Although it doesn't occur often, and all bolts should be checked and secured before every ride, having the ability to make a quick adjustment while out and about can prevent a much bigger issue occurring later on the journey, making a mini tool an essential companion.

For under £20 and the ability to quickly stash in the pocket, we'd recommend the Giant Toolshed 13. It has, you guessed it, 13 different tool options. The most common on bikes are hex bolts, also known as Allen wrench bolts. The Toolshed 13 gives you Allen key options from 2mm through to 10mm, which covers the majority that is present on a typical bike.

Padded Shorts

Most of the items so far have revolved around safety, however padded shorts sit firmly into the 'long term enjoyment' category. Although not strictly essential, we would highly recommend investing in a pair if you are planning on doing any rides over 10 miles in length. Jeans just won't cut it long term if you want to be frequently riding.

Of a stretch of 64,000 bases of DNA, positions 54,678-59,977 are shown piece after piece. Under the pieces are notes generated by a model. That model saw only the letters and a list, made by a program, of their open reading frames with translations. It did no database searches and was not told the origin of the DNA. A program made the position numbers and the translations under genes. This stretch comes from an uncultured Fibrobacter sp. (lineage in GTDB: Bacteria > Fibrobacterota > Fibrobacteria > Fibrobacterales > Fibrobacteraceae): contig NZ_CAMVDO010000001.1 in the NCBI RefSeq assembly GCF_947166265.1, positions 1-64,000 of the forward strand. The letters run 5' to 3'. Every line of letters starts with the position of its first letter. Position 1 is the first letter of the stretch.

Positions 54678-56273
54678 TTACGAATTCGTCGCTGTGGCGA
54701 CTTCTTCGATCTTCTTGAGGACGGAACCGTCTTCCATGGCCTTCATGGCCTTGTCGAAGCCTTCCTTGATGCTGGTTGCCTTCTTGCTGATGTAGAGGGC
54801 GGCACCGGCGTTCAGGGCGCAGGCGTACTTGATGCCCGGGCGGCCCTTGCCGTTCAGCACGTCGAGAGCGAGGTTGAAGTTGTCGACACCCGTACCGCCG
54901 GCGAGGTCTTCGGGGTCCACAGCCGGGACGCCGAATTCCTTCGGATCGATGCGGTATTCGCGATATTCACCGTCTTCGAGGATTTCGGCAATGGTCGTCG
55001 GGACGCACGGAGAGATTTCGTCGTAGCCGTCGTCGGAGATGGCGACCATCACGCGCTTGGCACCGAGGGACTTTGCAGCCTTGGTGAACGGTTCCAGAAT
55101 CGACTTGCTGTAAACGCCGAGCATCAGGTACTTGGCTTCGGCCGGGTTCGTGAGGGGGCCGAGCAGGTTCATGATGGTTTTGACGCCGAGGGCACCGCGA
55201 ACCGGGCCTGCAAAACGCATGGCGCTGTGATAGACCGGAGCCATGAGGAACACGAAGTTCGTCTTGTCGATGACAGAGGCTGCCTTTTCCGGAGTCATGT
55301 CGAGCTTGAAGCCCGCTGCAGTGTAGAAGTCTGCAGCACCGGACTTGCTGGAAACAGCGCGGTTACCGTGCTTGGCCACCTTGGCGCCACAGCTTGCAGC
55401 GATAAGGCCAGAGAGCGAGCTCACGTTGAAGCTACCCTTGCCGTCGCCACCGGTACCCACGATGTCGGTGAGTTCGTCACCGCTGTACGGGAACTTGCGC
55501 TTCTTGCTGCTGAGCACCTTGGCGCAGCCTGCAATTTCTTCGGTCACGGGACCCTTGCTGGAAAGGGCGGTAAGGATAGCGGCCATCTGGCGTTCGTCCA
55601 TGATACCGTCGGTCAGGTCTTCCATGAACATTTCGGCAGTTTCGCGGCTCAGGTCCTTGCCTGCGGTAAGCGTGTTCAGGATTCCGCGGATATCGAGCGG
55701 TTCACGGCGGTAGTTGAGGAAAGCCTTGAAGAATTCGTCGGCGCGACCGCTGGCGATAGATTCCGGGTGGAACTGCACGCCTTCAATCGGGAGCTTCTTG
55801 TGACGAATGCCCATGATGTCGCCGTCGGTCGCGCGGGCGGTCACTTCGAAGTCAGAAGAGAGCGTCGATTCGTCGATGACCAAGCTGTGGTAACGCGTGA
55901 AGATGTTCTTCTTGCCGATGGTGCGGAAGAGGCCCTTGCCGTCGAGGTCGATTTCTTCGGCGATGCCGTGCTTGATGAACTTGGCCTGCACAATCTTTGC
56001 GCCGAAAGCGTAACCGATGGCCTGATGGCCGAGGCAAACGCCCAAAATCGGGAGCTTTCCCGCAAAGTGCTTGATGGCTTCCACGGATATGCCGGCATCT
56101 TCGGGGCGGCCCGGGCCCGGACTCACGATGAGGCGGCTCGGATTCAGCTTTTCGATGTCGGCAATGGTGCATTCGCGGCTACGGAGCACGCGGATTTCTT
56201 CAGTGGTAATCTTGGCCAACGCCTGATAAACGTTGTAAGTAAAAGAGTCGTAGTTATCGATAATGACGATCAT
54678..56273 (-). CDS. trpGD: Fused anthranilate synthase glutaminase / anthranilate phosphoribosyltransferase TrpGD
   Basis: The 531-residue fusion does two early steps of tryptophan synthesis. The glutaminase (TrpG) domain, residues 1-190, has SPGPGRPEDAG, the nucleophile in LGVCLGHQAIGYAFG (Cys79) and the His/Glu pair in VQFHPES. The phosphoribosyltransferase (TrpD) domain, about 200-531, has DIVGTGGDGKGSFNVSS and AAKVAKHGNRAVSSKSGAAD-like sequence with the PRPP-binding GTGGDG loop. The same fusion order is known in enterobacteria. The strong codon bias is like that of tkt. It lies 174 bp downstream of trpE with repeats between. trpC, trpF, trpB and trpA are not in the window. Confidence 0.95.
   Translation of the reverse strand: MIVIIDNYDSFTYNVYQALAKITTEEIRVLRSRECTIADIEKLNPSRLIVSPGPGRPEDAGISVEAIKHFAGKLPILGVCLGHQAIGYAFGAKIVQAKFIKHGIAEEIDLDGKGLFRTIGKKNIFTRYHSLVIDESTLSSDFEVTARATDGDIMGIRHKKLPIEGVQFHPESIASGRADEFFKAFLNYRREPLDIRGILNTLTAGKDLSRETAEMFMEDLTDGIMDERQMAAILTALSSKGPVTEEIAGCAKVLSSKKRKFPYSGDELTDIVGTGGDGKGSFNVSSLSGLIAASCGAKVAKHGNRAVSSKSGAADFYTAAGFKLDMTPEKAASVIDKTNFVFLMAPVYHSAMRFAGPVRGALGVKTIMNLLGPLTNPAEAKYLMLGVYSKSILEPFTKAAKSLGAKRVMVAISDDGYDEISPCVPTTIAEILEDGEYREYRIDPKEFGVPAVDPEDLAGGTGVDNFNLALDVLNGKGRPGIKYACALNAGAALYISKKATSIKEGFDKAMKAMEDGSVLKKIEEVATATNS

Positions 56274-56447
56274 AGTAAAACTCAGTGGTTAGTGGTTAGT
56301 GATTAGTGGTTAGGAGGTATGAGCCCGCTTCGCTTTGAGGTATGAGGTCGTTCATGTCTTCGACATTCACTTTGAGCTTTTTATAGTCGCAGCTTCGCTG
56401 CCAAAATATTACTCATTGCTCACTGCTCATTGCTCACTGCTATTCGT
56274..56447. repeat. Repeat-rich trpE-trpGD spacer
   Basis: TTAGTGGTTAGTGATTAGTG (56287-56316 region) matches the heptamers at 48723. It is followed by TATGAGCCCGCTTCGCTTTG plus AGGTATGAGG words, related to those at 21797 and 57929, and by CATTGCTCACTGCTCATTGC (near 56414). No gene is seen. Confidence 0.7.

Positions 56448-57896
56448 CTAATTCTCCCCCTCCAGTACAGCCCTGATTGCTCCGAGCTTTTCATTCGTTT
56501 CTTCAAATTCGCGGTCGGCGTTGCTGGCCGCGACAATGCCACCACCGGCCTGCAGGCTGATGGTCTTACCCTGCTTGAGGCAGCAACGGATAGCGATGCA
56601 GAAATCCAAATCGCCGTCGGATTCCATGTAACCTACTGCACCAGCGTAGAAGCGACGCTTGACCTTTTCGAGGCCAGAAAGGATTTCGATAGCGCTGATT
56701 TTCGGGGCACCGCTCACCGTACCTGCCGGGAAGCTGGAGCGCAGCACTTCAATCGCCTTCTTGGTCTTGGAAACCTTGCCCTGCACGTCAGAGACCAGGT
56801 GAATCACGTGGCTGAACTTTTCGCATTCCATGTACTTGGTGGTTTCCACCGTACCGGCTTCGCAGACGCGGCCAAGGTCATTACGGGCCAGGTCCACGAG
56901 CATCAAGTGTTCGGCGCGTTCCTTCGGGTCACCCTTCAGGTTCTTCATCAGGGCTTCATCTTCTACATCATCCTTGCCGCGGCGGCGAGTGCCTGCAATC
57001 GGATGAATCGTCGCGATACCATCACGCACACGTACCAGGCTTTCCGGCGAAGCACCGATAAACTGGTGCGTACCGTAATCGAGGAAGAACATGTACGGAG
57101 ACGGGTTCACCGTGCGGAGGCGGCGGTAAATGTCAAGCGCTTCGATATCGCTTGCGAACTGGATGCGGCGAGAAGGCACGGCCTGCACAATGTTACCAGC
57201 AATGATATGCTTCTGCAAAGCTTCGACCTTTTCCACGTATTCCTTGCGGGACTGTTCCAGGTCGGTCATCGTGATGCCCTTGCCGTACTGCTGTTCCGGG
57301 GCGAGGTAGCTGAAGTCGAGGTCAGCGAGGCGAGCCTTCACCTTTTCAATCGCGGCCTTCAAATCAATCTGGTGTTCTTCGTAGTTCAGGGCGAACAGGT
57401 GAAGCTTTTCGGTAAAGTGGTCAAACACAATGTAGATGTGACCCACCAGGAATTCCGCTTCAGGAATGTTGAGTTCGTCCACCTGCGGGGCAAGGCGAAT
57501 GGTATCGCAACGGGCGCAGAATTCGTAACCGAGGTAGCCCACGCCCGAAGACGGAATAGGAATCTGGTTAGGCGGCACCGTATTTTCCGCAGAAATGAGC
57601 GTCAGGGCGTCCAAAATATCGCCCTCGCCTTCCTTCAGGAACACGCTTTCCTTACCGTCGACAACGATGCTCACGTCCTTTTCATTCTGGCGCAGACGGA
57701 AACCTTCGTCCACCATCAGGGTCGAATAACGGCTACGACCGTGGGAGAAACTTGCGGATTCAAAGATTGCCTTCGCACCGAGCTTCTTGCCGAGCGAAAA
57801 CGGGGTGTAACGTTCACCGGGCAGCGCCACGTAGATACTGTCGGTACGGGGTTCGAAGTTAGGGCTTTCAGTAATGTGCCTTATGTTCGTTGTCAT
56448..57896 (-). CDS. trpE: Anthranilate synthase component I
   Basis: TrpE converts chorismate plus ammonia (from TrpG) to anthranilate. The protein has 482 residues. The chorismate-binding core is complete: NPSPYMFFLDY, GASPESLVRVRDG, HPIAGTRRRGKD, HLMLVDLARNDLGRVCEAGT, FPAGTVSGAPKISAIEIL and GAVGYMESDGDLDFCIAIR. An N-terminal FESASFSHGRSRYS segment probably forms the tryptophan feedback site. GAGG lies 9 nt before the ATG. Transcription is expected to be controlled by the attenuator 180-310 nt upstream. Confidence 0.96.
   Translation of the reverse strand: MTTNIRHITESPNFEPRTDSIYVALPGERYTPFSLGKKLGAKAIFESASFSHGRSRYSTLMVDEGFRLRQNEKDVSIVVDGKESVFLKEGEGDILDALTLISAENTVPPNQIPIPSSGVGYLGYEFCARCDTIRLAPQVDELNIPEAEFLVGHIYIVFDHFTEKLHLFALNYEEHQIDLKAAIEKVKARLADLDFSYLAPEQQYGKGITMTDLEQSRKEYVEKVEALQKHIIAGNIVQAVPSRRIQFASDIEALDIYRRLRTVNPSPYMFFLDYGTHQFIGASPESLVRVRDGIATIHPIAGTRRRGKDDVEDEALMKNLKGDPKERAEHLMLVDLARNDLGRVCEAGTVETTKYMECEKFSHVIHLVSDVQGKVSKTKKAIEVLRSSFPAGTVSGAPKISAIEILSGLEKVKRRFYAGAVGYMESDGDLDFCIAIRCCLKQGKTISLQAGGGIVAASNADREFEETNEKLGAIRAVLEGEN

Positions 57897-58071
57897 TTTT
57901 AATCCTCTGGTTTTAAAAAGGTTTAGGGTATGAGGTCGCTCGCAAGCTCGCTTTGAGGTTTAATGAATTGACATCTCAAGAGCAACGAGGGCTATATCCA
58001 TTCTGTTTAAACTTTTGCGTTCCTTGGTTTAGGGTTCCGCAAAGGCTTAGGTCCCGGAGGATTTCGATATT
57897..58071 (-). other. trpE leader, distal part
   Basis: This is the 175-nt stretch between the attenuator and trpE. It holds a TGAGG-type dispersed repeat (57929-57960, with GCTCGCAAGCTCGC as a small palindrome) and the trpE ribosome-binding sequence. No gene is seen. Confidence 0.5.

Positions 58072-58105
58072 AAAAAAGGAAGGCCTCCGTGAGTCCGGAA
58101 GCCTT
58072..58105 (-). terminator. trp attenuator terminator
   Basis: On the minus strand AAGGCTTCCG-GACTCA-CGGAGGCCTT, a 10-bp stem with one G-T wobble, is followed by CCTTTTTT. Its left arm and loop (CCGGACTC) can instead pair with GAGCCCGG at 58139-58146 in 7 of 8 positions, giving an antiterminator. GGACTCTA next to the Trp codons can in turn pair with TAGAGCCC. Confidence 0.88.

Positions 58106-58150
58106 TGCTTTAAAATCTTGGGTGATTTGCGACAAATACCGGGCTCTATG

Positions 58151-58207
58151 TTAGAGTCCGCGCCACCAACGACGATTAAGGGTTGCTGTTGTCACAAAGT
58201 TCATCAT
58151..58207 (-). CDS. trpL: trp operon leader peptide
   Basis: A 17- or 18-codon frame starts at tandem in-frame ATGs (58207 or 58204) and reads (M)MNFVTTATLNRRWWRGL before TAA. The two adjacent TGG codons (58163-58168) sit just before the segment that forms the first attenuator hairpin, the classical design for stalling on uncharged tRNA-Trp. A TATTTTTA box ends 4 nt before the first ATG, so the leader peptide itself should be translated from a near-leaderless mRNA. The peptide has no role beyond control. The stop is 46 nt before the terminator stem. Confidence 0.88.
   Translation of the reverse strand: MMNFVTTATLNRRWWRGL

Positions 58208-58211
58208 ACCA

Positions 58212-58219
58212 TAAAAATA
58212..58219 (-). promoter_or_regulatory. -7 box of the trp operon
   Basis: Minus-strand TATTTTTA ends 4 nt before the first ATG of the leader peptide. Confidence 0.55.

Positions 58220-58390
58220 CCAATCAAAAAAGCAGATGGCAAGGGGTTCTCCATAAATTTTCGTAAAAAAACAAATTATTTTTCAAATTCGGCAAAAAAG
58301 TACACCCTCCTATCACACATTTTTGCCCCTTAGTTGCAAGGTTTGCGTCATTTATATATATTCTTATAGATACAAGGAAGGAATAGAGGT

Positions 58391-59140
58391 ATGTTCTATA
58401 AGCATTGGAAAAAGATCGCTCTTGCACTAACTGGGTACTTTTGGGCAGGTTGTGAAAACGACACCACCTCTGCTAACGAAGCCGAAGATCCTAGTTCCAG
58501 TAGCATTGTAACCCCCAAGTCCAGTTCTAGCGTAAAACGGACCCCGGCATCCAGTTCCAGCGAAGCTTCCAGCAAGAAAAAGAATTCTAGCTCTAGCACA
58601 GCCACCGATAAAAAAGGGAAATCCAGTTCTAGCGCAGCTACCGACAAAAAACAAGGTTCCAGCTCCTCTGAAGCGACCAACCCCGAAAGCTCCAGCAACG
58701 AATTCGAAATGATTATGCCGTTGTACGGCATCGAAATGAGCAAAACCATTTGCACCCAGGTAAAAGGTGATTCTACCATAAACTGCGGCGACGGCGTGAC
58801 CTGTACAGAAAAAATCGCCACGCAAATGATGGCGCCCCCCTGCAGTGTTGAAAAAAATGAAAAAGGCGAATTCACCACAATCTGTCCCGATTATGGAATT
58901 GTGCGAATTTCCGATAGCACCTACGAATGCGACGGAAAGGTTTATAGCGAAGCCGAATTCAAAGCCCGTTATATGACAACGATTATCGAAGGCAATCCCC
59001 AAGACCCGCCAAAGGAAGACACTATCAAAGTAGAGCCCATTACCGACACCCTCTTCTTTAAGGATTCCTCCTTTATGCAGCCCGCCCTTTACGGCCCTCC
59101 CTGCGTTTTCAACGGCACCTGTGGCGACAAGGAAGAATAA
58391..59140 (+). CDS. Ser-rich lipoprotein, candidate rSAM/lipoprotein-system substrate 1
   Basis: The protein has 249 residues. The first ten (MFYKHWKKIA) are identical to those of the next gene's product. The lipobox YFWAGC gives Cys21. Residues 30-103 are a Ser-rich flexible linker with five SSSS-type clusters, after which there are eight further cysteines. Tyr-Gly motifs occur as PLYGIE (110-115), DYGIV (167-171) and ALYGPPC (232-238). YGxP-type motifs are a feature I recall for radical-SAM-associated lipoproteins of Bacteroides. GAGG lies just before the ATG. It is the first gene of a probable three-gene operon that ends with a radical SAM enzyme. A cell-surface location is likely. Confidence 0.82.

Designed and optimised for comfort, padded shorts reduce the amount of friction between the body and the saddle, therefore limiting chafing. This is achieved through a combination of factors - careful placement of seams, 'stretchy' lycra fabric which moves with the body as you pedal and a shock-absorbing pad (also known as 'chamois').

They don't have to cost a fortune either - the Giant Tour Shorts are available in a wide range of sizes for under £40, but come with some high-end features, including elastic grippers on the leg bands to ensure they don't ride up as you pedal.

Sunglasses

Cycling sunglasses aren't just a fashion accessory; they play a vital part in protecting eyes from harmful UV rays and bright sunlight, not to mention blocking dirt and debris from flying into your eyes.